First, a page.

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A new food hall and market to open along the Broadway corridor
Market Club at the Mill, a new food hall and market concept, is set to open along the Broadway corridor by fall of 2019.
The brainchild of Sonny Mayugba (who co-owns Red Rabbit Kitchen & Bar and the upcoming Solomon's Delicatessen and Tiger) and his partners David Pringle (Red Rabbit and Tiger) and Andrea Lepore (Solomon's Delicatessen and Hot Italian), as well as project manager Julie Young of Urban Elements, the property will function as a community gathering place, featuring food vendors, boutique retailers, office areas, artist studios and a ping-pong bar, where locals can work, play and eat (or a combination of all three). The team is also working with the Winters-based Center for Land-Based Learning on a market space for local farmers.
"We want people to come here, grab some lunch or just use our Wi-Fi,” Mayugba says. “Maybe they are grabbing some food and going over to the park with their kids, or playing some pong, having some beers and listening to some music.”
For this new venture, Mayugba was inspired by other similar projects around the country like The Denver Central Market, New York City’s Chelsea Market and Napa’s Oxbow Public Market. "We're borrowing from some of the best [aspects] of those things, but it won't be exactly those things," he says. "It'll be unique to Sacramento."
The 16,000-square-foot market will inhabit a warehouse on 5th Street as part of the Mill at Broadway development. Its main space was once a Produce Express distribution center, where restaurateurs could purchase local products from area farmers, while the upstairs lofts had former lives as a speakeasy, a brothel and a Japanese gambling hall.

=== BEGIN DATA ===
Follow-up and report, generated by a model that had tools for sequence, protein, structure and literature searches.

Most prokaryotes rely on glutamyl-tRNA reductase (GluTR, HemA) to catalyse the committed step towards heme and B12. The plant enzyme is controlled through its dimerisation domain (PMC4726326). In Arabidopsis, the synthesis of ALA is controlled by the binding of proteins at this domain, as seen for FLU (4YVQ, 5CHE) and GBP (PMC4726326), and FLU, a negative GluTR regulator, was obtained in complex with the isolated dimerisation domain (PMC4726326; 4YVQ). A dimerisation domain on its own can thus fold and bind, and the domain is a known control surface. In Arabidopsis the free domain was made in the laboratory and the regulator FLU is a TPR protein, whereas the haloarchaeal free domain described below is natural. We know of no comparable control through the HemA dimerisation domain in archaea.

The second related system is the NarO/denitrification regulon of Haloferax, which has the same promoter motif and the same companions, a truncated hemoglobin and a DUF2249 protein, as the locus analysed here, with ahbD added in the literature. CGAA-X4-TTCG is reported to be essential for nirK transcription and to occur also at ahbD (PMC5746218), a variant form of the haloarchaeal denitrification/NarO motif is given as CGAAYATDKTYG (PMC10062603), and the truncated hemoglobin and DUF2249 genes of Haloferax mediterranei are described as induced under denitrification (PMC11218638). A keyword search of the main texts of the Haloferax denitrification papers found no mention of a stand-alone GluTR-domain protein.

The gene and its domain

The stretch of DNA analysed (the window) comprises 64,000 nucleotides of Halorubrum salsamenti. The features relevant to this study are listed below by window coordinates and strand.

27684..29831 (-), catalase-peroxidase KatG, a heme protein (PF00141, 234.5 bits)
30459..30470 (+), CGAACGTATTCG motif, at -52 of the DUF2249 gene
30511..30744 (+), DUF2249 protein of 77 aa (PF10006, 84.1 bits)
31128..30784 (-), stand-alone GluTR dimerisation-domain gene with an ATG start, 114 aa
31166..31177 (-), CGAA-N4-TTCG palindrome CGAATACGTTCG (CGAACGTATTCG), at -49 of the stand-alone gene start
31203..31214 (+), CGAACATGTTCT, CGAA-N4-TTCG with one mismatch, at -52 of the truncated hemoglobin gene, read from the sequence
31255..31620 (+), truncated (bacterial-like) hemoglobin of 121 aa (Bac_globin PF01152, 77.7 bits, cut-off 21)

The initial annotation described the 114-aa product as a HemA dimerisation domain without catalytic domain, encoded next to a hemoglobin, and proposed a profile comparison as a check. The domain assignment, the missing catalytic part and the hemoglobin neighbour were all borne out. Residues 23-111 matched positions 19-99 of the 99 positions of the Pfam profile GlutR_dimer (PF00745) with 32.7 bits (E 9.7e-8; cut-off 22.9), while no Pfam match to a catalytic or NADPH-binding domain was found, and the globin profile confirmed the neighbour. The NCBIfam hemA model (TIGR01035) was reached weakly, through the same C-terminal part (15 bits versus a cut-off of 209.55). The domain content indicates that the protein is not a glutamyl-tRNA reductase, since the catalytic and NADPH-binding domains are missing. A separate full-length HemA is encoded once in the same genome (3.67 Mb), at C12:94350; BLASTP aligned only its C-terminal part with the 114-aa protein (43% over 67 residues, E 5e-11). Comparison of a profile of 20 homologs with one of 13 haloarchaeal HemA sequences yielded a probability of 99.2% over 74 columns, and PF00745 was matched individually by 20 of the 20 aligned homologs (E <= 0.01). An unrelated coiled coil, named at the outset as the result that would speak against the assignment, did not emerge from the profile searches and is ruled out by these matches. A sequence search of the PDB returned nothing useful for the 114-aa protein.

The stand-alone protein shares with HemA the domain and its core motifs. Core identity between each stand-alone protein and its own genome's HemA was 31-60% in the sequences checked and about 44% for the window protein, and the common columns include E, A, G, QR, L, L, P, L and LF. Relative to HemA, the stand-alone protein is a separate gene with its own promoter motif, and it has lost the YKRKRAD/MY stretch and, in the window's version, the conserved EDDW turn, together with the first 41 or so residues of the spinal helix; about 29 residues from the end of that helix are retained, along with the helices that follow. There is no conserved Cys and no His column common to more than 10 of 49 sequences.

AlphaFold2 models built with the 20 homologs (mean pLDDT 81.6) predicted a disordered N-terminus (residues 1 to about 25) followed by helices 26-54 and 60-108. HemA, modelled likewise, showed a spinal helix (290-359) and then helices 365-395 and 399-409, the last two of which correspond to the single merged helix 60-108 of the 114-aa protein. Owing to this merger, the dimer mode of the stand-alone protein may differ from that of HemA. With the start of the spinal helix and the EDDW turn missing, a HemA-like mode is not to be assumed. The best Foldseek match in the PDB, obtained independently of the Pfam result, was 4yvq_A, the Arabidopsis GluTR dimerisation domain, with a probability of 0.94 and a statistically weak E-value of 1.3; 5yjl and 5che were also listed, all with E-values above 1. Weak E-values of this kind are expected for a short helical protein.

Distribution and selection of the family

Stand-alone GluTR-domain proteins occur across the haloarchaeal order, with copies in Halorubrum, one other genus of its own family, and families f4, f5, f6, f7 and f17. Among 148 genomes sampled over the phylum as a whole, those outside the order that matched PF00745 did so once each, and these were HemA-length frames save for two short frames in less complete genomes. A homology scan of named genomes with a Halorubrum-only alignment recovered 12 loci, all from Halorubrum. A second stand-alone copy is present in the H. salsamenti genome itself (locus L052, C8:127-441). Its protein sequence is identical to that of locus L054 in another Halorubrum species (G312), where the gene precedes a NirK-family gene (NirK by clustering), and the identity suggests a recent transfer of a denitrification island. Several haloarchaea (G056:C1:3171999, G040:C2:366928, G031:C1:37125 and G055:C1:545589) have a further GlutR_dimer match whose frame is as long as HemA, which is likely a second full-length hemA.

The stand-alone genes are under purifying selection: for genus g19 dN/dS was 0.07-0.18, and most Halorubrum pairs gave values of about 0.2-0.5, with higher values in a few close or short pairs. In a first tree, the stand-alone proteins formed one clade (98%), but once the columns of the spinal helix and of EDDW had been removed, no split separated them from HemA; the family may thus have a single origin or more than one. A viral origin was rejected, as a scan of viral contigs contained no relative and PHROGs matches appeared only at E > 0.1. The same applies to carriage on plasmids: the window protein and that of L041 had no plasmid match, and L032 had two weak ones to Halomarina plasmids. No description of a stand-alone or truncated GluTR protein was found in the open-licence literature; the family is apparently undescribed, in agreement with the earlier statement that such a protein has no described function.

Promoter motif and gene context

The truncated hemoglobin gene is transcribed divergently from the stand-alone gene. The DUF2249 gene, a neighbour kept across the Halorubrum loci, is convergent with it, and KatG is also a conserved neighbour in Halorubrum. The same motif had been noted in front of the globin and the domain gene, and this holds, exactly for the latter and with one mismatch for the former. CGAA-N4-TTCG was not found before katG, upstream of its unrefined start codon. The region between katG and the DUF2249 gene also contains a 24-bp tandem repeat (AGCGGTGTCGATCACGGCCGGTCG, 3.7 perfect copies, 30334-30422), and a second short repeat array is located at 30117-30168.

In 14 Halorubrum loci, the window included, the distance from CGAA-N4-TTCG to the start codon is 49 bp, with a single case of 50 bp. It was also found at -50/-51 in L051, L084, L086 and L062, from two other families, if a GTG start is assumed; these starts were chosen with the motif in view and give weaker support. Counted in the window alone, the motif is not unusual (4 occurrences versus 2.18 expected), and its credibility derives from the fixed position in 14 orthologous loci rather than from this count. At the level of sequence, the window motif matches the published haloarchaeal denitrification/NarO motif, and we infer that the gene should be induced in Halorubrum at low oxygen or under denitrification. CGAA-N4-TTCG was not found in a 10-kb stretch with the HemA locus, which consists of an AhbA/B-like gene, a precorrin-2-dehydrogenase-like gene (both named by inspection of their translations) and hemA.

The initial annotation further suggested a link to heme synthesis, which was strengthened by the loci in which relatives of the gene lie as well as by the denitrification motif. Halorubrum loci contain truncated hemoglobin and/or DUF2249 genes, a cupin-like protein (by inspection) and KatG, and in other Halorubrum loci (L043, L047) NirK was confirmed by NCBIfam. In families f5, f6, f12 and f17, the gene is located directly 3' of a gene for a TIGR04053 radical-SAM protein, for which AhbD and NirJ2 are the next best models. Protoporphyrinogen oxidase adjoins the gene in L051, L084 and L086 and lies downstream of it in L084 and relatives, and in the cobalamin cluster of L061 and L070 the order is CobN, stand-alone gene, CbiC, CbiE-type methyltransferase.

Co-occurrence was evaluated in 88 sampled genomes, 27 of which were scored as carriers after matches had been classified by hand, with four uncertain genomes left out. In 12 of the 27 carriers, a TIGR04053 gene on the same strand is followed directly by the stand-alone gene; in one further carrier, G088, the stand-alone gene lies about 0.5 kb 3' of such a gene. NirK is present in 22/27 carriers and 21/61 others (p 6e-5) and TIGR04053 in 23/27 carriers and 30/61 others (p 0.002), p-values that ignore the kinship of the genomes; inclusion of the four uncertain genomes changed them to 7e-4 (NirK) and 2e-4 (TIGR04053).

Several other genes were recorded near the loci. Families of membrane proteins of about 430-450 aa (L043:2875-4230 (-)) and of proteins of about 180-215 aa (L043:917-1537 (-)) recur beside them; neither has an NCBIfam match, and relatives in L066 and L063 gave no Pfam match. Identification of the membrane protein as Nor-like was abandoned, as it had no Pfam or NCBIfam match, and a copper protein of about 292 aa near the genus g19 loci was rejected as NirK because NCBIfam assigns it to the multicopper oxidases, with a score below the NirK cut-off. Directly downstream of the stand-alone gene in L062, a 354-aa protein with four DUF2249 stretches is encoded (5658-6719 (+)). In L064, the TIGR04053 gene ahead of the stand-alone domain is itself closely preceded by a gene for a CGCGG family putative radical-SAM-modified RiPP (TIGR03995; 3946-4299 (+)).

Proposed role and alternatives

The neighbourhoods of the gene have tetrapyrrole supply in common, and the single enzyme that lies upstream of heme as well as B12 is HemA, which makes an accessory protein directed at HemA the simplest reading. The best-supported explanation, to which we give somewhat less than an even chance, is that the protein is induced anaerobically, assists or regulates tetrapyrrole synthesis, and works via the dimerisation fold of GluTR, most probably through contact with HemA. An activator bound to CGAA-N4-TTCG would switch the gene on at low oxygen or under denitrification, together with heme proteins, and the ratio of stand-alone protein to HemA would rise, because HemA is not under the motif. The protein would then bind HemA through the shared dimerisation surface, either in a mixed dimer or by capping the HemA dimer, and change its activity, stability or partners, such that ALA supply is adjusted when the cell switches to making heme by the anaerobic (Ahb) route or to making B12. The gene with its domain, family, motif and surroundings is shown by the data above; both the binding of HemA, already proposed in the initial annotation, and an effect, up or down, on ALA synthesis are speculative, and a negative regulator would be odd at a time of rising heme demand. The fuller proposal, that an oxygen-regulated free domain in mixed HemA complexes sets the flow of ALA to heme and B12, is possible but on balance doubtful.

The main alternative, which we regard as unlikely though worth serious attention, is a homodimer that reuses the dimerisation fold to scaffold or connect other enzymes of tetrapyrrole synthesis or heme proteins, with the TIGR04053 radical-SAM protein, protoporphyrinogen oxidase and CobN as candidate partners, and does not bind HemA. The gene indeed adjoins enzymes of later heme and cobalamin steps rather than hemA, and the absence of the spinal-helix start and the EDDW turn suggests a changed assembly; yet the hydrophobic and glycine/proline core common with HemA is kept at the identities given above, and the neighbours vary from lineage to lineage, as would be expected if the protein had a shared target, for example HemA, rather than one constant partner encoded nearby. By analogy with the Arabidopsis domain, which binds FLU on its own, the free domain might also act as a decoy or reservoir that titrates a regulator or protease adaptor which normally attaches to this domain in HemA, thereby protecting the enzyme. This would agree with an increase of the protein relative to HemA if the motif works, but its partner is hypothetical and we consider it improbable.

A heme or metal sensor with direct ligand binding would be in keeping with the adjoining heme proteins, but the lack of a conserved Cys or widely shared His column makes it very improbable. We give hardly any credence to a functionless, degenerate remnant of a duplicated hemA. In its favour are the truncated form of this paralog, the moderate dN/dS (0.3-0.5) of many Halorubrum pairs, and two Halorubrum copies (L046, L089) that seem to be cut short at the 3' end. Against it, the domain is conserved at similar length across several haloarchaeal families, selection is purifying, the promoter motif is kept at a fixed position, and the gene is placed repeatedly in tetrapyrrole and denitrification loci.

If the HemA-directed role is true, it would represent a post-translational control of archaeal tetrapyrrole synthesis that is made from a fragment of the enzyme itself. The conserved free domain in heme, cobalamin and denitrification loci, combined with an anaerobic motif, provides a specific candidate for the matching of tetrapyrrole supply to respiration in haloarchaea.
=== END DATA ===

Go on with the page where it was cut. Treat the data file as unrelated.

The team also plans to rebuild an adjacent, torn-down building that was once occupied by the Market Club diner (hence the project's name). The neighborhood restaurant, which Mayugba remembers eating at while growing up in Sacramento, was a regular hangout spot for locals, as well as the nearby Broadway Tower Records’ employees, who, Mayugba says, would often sneak off to the Market Club to grab beers while on shift. The diner closed in 2013 after nearly 80 years in business.
The warehouse will keep its original 25-foot-high ceilings with wooden cathedral trusses, brick walls and concrete floors, but will be updated to meet with current codes, and the group is working with SMUD on sustainable design. The loading dock will also be converted into an expansive outdoor patio—at nearly 200 feet long, it will be the largest in Sacramento, according to Lepore—with views of the Mill's 4-acre park, which features a community garden, a dog park and an amphitheater.
"It's really a community gathering space where people can get the needs of different parts of their lives met,” Mayugba says. "This building is like an island in the middle of this old industrial area that is now a neighborhood. This will be the island of connection."
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